As regards bread, the wholemeal bread must be taken. It is not always easy to get, but always can be got with a little trouble. Most people who eat it come to prefer it to white bread. They find more "body" in it.
The Hunza drink milk, especially butter-milk, and in hot weather, when it perishes, they ferment it. Enough has been said about city pasteurized milk to show that one has to take trouble over one's milk-drinking. The same must be said about many of the commercial forms of fermented milk. It is best to ferment it oneself by Metchnikoff's method, with lactic ferment tablets, which can be procured at any chemist. The milk is fermented daily. A little is transferred to fresh or quickly boiled milk for further fermentation, and the rest drunk. In this way one goes on making the milk in a thermos flask or in the warm kitchen, and tablets do not often have to be used. In the country adults drink fresh raw milk.
Like the Hunza, we can drink the water and juices in which our vegetables are cooked. The vegetables can be served to children in bowls with their juice and water. We, inheriting unfortunately a meat-eating tradition, eat off plates, which waste the juices. People do not always want vegetable soup. The cooking in small quantities of water and adding a little more as it gets used, which is the way of the Hunza, makes the quantity of liquid to be taken less.
Vegetables should not be soaked, and so lose their minerals, nor scraped with too much vigour. Some can be taken raw, especially when young. Salads scarcely need any commendation in these days.
As I said above, we inherit a hunter's and pastoral dietary. Our ancestors lived in an island too large for them, which provided plenty of game. The game ate the vegetation, and our ancestors ate the game. "The tables of the thirteenth century were literally loaded with flesh, fish, and fowl; vegetables were so scarce that it was customary to salt them for keeping," writes Mr. Synge, in a History of Social Life in England (1906), and he gives a list of the meats at a small mediaeval dinner, which shows that our ancestors were sportsmen, as well as breeders -- boar, swan, rabbit, mallard, pheasant, pig, teal, woodcock, snipe. With this, as part compensation to excessive meat, our ancestors were great drinkers of old ale and other fermented drinks.
From our ancestors, then, we inherit our liking for meat and for sport, and are not such good vegetarians. We could not put up with the meat once in ten or more days of the Hunza. Nor perhaps would the Hunza, could they get more meat, without foregoing their milk, butter, and curd-cheese. They, too, were and are great shikaris or hunters of the ibex and other mountain game, but with the modern firearm there is now little left to shoot. So the Hunza meat ration is on low, and he makes up for it by the milk and cheese his animals give him in place of their flesh. I do not think that the English will look upon meat once in ten days as desirable. Their tradition against it is too strong.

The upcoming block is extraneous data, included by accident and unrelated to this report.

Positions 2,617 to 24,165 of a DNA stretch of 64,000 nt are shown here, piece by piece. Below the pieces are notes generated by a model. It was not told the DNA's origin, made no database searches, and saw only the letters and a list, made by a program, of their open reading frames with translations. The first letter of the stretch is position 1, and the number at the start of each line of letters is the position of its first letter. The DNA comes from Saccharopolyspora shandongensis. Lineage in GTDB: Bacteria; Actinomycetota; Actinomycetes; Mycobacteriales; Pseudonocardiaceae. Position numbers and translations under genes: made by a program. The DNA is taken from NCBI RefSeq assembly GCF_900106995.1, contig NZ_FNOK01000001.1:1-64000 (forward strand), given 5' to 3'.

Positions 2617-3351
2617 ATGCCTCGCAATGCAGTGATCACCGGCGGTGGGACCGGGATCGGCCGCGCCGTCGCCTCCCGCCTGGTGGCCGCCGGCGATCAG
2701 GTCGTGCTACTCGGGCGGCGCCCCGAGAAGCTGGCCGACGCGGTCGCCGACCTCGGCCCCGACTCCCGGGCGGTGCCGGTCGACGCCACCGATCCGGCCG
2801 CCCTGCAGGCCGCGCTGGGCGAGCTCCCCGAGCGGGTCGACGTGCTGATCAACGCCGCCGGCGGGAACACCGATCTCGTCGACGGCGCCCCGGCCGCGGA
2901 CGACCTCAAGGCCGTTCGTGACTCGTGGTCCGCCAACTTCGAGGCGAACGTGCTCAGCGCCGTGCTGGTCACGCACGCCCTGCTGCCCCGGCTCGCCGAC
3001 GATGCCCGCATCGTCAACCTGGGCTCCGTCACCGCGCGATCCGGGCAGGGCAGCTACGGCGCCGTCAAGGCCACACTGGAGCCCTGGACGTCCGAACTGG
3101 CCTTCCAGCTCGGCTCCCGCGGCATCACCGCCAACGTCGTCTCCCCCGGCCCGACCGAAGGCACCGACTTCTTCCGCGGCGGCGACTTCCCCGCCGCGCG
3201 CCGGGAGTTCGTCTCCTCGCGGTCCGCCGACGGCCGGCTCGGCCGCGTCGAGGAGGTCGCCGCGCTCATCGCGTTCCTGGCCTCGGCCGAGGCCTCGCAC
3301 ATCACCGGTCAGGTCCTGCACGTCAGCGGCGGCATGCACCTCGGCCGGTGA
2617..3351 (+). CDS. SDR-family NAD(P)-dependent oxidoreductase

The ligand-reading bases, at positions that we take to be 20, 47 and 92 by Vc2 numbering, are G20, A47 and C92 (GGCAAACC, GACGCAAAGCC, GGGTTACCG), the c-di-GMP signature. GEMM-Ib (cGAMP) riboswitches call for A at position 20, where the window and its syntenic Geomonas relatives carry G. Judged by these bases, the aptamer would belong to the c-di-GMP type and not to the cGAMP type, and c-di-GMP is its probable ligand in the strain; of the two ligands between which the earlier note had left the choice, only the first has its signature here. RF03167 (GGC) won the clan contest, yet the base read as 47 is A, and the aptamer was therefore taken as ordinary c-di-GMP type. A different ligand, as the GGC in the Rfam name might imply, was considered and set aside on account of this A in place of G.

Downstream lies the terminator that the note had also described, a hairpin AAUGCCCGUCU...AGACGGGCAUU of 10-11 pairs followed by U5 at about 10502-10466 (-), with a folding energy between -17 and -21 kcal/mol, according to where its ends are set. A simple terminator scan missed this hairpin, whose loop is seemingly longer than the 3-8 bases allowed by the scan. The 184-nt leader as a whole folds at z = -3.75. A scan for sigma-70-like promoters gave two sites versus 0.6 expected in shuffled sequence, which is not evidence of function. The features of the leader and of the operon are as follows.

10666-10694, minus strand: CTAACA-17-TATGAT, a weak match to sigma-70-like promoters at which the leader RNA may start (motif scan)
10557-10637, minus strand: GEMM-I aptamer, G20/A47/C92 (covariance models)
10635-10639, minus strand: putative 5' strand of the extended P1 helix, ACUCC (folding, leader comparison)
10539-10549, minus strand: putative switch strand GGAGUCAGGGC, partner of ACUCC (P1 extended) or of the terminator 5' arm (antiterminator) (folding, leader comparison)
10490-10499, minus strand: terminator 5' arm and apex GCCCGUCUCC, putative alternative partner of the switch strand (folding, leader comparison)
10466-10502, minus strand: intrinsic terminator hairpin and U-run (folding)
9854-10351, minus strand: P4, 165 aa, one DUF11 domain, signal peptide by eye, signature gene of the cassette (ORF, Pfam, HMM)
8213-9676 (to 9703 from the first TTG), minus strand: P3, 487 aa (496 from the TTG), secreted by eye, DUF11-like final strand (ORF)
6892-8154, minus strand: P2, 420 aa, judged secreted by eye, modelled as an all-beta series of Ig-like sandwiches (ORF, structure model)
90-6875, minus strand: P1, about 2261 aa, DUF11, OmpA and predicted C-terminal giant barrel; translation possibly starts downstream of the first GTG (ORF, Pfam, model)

As regards fruit and its freshness, we are all of us as one with the Hunza. Our ancestors neglected vegetables, but not fruit. They cultivated a great variety of fruits. The peculiarity of the Hunza use of fruit is the large amount they dry in the sun and eat pounded up in water as chamus almost daily throughout the year. Dried fruits, dates, figs, and raisins, dried mulberries and apricots, are all highly nutritious, but I can find no report on whether sun-drying, to which many are subjected, adds to their virtue. Dried fruits are easy to get and should be eaten when fresh fruits are scarce.
The Hunza crack the apricot kernels and eat them. So they get nutty food.
The Hunza eat any foods to be eaten at one meal. As we have seen, they stew meat, wheat, and vegetables in one pot. They, of course, do not have the varied dishes which often make up our meals. Their meals are far more repetitive. But they do not follow the rule of another very healthy people, the islanders of Tristan da Cunha, namely, one meal one food.